Blacklisted workers secure £1.9m legal settlement



A long running case against seven large construction companies who blacklisted workers has been settled with a £1.9 million compensation agreement.

As part of the overall settlement, which is subject to court approval, 53 blacklisted workers will receive the payments from Balfour Beatty, Costain, Kier, Laing O’Rourke, Sir Robert McAlpine, Skanska UK and VINCI.

The defendants have also agreed to pay the legal fees of the union Unite.

In a legal breakthrough the companies have agreed to place the sum of £230,000 into a training fund, which will be administered by Unite, for all victims of blacklisting who have brought proceedings.

The firms have also agreed to issue their own announcement, saying that they aim to work at national, regional and site level to ensure that the modern UK construction sector provides the highest standards of employment and HR practice.

The latest court case follows the 2016 court action which resulted in Unite securing £19.34m for 412 blacklisted workers.

Unite assistant general secretary Howard Beckett said: “This is a historic agreement which provides some degree of justice to a further group of construction workers who had their working lives needlessly ruined by blacklisting construction companies.

“The creation of a training fund controlled by Unite is a huge breakthrough, and is to be welcomed, as it will allow the union to assist victims of blacklisting return to employment.”

Mr Beckett added: “The blacklisting construction companies promised public statement is welcome about their future good behaviour and a new relationship with unions, but these words must be followed up by genuine actions.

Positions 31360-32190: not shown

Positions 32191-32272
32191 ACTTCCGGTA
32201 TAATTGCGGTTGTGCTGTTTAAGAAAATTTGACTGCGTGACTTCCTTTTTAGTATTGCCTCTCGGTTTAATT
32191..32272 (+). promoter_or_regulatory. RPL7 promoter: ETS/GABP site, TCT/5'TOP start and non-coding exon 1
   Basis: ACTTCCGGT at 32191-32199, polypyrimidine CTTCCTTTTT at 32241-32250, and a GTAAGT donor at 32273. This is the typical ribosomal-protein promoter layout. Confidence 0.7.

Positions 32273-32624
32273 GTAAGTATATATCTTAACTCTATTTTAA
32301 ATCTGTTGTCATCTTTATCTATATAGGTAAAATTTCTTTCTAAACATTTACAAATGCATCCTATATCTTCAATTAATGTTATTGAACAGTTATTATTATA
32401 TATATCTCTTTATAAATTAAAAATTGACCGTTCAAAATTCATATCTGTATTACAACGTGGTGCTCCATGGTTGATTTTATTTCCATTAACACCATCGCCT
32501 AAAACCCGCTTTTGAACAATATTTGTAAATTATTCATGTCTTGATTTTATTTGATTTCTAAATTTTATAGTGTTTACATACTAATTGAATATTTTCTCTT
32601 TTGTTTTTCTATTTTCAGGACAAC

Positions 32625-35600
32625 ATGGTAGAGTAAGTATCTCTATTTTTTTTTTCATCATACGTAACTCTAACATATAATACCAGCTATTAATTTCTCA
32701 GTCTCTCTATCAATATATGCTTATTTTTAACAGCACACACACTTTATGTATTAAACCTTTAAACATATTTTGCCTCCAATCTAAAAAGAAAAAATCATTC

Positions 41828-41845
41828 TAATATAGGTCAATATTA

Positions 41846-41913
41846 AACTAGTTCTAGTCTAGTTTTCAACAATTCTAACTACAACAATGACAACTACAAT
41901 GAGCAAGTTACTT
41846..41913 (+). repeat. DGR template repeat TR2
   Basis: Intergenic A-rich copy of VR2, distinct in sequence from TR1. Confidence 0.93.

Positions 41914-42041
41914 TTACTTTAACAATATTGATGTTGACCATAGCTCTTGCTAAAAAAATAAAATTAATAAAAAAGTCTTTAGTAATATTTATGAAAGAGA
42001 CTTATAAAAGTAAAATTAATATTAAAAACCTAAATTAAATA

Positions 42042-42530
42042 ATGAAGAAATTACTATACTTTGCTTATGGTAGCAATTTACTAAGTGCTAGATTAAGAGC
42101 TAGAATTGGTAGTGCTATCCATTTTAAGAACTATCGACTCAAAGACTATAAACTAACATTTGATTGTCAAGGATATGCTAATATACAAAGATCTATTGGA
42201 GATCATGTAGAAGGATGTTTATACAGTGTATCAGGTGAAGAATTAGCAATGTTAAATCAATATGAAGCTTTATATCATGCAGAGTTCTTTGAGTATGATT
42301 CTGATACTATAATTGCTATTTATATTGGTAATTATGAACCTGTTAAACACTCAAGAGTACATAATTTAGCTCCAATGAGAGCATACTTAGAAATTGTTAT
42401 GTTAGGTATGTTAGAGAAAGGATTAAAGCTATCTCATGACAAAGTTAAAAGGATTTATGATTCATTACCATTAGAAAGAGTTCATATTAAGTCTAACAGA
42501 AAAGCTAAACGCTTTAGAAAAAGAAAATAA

“If they are serious, they must provide genuine unrestricted access to their sites and workforces, end the practice of moving union activists from one job to another to disrupt union organisation, end the reliance on agency labour and end the scandal of bogus self-employment.”

The Consulting Association was closed down by the Information Commissioner in 2009 after a blacklist was exposed containing more than 3,000 names and reference cards which detailed workers’ political views, competence, trade union membership and industrial relations activities.

A spokesperson for the defendants said: “Despite many organisations subscribing to The Consulting Association, only eight companies – Balfour Beatty, Costain, Kier, Laing O’Rourke, Sir Robert McAlpine, Skanska UK, Vinci and Carillion – have been instrumental in addressing the issue and the impact it has had on the lives of affected workers.

“The eight companies have admitted their involvement with The Consulting Association and have issued a full public apology. This apology was accepted and acknowledged as genuine by the unions and other groups representing affected workers. The group has worked hard to make financial settlements for claims from affected workers. It is pleased that the agreement announced today means that these workers will receive compensation without the need for a lengthy trial.

“The group is committed to ensuring that blacklisting can never affect the construction industry again. Each company has implemented stringent and transparent HR practices and policies within their own operations and throughout their supply chains, and they are working together to ensure that the modern UK construction industry provides the highest standards of employment and HR practice for its workforce.”



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